“How to” Will Never Create Art

On Writing 2“It’s only when a man gets to the point of a gun in his mouth that he can see the whole world inside of his head. Anything else is conjecture, conjecture and bullshit and pamphlets.”

Welcome back, Charles Bukowski.

The “poet laureate of L.A. low-life” doesn’t pull punches, nor should any writer, or what’s the point? The status quo is a lie, so what’s the point of writing if not to serve as a gun in our collective mouth to wake us up?

Go, Reece, go!

But after reading Bukowski’s posthumous collection of correspondence, On Writing, I’m feeling as wimpish and mealy-mouthed and prevaricating as the worst literary poseur.

This isn’t a good time to lose my confidence. In two weeks I relaunch my writing course, Don’t Get it Right, Get it Written. Yes, I’ll encourage my students to “write reckless,” but no doubt I’ll recommend some rules, even as I infect them with such Bukowski-isms as:

“If I were to write a play I’d write it any damn way I pleased and it would come out all right.”

So, you see the bind I’m putting myself in.

But it’s exciting, isn’t it?

However, to write any damn way you please, you better be a Bukowski, and by that I mean ruthlessly honest, shameless, talented, drunk, living in a flop house, can’t hold a job and have nothing to lose.

Bukowski portraitHere’s Bukowski further undermining my teaching plan:

It makes me nervous to read those articles on playwriting, “A play must have a premise” and so forth. I am afraid that the problems of our playwrights … is they are TOLD the proper way to do a thing. This may make it go down well, it can help practitioners; it can help bad playwrights become almost good ones, but “how to do it” will never create an Art. It will never shake the old skin, it will never get us out of here.

Here’s where Bukowski helps me out—a good story is all about getting out of here.

Who doesn’t want to get out of here?

How a writer helps their protagonist escape—how a fictional hero escapes his old skin—that’s what we’ll discover in this six-week course. But never mind fiction for a moment, and never mind Art, it’s every person’s responsibility to get out of here. So here’s the kicker—

By aiding and abetting freedom for our fictional characters, we writers do it also for ourselves. (This course is sounding deeper by the minute.)

Bukowski reminds me how trapped I am within the prison of the human condition. And by ‘human condition’ I mean “culture” cluttering up the inside of the head, all the conventional wisdom and status quo, all the lies and beliefs that prevent us from achieving our greatest happiness.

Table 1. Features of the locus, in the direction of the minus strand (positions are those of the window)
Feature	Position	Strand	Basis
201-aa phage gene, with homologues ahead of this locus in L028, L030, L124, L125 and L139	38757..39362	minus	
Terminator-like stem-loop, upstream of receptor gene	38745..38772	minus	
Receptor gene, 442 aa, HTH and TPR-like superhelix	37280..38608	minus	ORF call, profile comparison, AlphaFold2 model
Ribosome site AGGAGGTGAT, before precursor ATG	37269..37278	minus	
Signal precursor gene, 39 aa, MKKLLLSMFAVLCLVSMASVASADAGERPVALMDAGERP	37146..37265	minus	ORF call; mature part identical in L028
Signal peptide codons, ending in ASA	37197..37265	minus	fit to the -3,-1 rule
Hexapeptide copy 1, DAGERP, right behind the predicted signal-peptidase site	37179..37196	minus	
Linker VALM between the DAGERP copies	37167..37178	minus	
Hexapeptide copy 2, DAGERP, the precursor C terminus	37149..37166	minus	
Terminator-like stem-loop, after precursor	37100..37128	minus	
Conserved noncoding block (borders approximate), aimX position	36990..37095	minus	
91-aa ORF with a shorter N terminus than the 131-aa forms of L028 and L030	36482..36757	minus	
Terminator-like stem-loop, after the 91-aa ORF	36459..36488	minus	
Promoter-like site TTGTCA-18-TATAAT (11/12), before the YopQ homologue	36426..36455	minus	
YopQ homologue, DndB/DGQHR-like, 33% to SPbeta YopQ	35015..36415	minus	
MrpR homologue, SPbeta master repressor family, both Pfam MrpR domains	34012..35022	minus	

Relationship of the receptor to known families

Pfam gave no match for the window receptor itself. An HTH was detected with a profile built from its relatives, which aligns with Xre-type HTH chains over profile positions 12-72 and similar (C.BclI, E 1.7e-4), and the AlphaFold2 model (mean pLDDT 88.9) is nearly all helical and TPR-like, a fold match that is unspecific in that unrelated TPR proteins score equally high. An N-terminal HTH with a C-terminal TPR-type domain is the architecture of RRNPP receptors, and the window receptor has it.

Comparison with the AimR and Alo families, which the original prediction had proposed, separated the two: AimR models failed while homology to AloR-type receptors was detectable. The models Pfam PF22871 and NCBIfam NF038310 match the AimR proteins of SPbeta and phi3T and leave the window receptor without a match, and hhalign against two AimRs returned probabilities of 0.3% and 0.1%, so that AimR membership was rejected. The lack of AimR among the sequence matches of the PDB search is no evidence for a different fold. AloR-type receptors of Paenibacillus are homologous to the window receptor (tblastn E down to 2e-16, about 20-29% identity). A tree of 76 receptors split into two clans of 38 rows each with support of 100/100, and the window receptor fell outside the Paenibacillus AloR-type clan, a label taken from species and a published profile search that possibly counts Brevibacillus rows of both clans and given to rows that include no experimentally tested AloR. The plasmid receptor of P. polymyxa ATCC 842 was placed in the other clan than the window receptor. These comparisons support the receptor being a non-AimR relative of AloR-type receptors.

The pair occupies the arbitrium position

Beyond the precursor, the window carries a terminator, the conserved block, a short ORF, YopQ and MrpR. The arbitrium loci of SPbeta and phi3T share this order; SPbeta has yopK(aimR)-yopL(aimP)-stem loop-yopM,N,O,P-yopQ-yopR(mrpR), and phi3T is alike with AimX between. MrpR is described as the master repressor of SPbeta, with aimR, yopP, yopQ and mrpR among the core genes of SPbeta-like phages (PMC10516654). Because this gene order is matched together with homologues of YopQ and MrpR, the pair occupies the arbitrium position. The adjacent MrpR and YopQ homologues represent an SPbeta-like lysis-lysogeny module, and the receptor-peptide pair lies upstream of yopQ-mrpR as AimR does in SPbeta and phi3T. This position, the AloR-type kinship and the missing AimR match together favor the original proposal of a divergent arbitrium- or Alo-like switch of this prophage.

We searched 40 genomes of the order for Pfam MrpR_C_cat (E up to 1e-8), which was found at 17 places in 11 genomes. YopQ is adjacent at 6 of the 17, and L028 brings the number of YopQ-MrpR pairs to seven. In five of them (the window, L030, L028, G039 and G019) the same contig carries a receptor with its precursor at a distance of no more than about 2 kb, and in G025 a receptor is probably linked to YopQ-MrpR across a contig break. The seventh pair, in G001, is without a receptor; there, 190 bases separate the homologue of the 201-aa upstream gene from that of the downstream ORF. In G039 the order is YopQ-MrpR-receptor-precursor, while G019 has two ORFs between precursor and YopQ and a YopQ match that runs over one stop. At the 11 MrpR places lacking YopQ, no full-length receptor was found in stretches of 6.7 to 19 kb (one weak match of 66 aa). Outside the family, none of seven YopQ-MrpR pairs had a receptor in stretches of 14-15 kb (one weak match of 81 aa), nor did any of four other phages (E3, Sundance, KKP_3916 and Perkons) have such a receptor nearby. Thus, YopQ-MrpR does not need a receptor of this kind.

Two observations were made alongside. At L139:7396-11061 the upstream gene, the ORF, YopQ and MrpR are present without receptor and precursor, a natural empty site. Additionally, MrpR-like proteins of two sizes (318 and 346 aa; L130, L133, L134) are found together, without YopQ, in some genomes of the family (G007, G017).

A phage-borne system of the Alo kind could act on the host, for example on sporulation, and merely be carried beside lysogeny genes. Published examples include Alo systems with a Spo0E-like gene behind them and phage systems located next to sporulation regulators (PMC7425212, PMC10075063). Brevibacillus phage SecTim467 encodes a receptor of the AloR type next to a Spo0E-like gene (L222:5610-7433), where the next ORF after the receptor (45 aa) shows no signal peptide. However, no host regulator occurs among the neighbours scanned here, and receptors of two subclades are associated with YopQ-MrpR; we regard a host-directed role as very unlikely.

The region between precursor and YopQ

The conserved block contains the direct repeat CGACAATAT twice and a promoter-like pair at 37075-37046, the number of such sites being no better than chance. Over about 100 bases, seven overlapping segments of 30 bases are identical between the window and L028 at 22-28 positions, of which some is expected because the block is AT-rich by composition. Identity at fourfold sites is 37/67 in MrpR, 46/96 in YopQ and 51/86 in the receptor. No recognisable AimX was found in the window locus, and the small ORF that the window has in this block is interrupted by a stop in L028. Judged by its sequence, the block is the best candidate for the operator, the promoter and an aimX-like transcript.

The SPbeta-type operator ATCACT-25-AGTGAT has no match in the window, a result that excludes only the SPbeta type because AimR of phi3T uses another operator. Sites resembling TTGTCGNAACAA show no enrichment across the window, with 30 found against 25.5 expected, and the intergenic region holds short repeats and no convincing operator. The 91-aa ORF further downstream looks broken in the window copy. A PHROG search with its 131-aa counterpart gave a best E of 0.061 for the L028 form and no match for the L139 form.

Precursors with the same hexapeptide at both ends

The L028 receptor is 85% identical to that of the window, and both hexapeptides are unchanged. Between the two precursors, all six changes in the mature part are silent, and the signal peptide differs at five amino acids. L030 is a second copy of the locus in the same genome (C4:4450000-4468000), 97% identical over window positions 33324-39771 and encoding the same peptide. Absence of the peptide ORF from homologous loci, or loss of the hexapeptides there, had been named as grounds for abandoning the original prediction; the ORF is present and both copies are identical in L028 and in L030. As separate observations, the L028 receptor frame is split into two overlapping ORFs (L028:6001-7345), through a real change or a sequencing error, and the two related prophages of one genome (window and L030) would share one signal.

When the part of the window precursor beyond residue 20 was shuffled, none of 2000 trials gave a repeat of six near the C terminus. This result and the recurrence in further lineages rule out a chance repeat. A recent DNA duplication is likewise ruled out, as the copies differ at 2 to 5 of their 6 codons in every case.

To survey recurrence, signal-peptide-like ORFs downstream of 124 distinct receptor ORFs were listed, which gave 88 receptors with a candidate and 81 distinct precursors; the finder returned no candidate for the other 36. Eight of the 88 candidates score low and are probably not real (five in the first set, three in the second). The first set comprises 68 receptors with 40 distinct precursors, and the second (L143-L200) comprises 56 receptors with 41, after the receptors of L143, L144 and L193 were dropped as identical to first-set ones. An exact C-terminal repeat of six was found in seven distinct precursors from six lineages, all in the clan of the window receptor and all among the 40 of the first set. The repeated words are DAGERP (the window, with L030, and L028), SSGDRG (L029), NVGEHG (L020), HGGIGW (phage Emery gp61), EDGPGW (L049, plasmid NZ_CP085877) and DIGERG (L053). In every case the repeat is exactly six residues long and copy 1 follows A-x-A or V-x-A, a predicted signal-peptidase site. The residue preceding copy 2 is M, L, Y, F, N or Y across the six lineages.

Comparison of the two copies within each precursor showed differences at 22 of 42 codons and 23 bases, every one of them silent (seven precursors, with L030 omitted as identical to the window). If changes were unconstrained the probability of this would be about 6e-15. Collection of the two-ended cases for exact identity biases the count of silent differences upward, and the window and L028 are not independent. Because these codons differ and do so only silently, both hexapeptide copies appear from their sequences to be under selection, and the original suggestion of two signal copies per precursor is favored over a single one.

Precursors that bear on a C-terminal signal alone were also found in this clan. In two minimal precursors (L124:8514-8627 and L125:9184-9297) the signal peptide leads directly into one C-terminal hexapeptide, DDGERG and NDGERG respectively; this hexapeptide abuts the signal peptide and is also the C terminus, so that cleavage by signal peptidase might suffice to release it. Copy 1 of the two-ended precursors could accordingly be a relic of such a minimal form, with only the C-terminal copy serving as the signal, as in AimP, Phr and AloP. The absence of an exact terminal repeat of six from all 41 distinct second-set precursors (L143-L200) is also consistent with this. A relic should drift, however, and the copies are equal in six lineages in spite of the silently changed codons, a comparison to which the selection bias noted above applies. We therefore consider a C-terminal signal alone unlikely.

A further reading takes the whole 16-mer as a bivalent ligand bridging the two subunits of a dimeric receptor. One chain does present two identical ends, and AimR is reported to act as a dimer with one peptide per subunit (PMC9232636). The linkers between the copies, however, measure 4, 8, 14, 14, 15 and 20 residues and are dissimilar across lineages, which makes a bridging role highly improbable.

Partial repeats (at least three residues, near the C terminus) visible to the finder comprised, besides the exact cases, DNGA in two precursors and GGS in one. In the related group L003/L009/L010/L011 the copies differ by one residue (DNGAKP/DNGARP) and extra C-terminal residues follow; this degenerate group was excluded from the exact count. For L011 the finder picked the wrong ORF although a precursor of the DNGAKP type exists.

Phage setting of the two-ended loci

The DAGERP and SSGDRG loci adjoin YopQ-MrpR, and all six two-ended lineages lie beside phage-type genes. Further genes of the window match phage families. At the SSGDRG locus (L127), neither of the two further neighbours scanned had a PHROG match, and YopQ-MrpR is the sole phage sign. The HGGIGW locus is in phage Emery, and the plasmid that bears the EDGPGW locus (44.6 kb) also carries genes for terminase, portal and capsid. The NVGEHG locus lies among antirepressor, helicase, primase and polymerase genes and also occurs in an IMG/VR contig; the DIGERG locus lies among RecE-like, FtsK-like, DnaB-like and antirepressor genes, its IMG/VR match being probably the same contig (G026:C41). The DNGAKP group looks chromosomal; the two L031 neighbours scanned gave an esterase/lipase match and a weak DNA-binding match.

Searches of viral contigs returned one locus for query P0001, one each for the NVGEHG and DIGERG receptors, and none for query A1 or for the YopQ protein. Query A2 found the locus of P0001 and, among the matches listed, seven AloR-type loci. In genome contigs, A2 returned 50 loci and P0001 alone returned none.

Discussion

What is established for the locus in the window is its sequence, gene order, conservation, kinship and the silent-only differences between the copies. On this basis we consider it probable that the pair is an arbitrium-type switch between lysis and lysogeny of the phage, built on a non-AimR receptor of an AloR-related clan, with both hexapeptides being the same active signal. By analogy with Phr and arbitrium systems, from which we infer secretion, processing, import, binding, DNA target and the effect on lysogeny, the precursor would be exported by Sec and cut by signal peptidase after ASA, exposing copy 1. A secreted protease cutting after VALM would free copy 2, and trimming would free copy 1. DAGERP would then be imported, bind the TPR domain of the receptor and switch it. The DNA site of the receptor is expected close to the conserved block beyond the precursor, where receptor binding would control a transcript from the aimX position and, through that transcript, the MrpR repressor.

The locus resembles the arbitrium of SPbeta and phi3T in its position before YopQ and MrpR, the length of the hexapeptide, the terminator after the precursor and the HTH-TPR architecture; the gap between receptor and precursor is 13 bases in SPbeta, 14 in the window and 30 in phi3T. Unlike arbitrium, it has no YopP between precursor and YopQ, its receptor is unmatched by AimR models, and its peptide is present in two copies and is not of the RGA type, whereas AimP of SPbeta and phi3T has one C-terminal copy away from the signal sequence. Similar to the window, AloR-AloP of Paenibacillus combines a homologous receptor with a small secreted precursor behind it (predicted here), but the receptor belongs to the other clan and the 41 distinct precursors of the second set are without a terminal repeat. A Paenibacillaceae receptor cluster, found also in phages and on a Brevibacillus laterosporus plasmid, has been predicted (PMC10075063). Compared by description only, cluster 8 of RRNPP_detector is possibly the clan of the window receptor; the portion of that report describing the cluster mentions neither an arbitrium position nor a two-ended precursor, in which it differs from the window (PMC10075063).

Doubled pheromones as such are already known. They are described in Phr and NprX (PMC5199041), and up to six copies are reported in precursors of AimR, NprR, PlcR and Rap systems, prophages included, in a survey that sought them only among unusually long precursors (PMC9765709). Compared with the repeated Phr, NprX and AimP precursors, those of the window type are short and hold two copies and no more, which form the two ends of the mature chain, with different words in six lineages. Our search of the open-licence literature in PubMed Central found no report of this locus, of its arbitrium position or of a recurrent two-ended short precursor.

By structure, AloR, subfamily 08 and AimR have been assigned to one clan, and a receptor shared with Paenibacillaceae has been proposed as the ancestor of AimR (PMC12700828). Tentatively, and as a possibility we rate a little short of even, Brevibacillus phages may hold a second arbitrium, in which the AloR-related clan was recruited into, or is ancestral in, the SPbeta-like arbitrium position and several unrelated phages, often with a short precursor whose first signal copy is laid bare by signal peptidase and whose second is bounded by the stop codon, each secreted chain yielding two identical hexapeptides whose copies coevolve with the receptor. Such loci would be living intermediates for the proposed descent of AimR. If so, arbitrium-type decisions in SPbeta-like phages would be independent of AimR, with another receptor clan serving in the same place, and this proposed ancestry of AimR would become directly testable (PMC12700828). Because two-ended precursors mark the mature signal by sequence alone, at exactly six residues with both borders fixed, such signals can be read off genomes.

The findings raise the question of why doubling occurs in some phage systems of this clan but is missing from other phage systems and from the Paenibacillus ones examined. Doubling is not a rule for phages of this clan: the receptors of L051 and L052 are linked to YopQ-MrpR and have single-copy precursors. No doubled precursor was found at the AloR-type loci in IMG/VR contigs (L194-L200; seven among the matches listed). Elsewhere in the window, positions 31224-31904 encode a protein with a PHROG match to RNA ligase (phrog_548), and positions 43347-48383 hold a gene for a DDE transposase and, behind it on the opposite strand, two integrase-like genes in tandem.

Who doesn’t want to get out of here?

Fortunately, I’ve devised a super-simple overview of how good stories play out in response to this profound dissatisfaction. The hero, desperately seeking freedom (in one of its many forms), is driven to the brink of stripping off his old skin. It’s painful; it looks like a kind of death.

SS2D4 new coverHere’s what it looks like on the cover of my eBook, Story Structure to Die For.

He’s falling, dying, in a manner of speaking. That’s right, you’ve heard it here ad nauseam, “The hero must die.”

Perhaps that’s why I’ve long found Charles Bukowski so compelling. Often drunk and sick and contemplating suicide in his $5-a-week skid row flop house, he strikes me as someone living perpetually on the verge of checking out of here.

Before Bukowski actually did die in 1993, he was good enough to leave me with this:

This is not to say there shouldn’t be articles on playwriting or playwriting workshops. I wouldn’t outlaw anything. Let the people do as they please. And luck to them.

Thanks, Chuck.

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Comments

  1. says

    Very much appreciating this fresh slap in the face from “Chuck” this morning. Just what I needed to start my already planned out day in prison. It’s a never-ending battle. Freedom very often seems to center around what I refrain from doing, willingly to sit patiently in the void that is created and wait for true direction, than it is finding some better “how to” instructions. Thanks PJ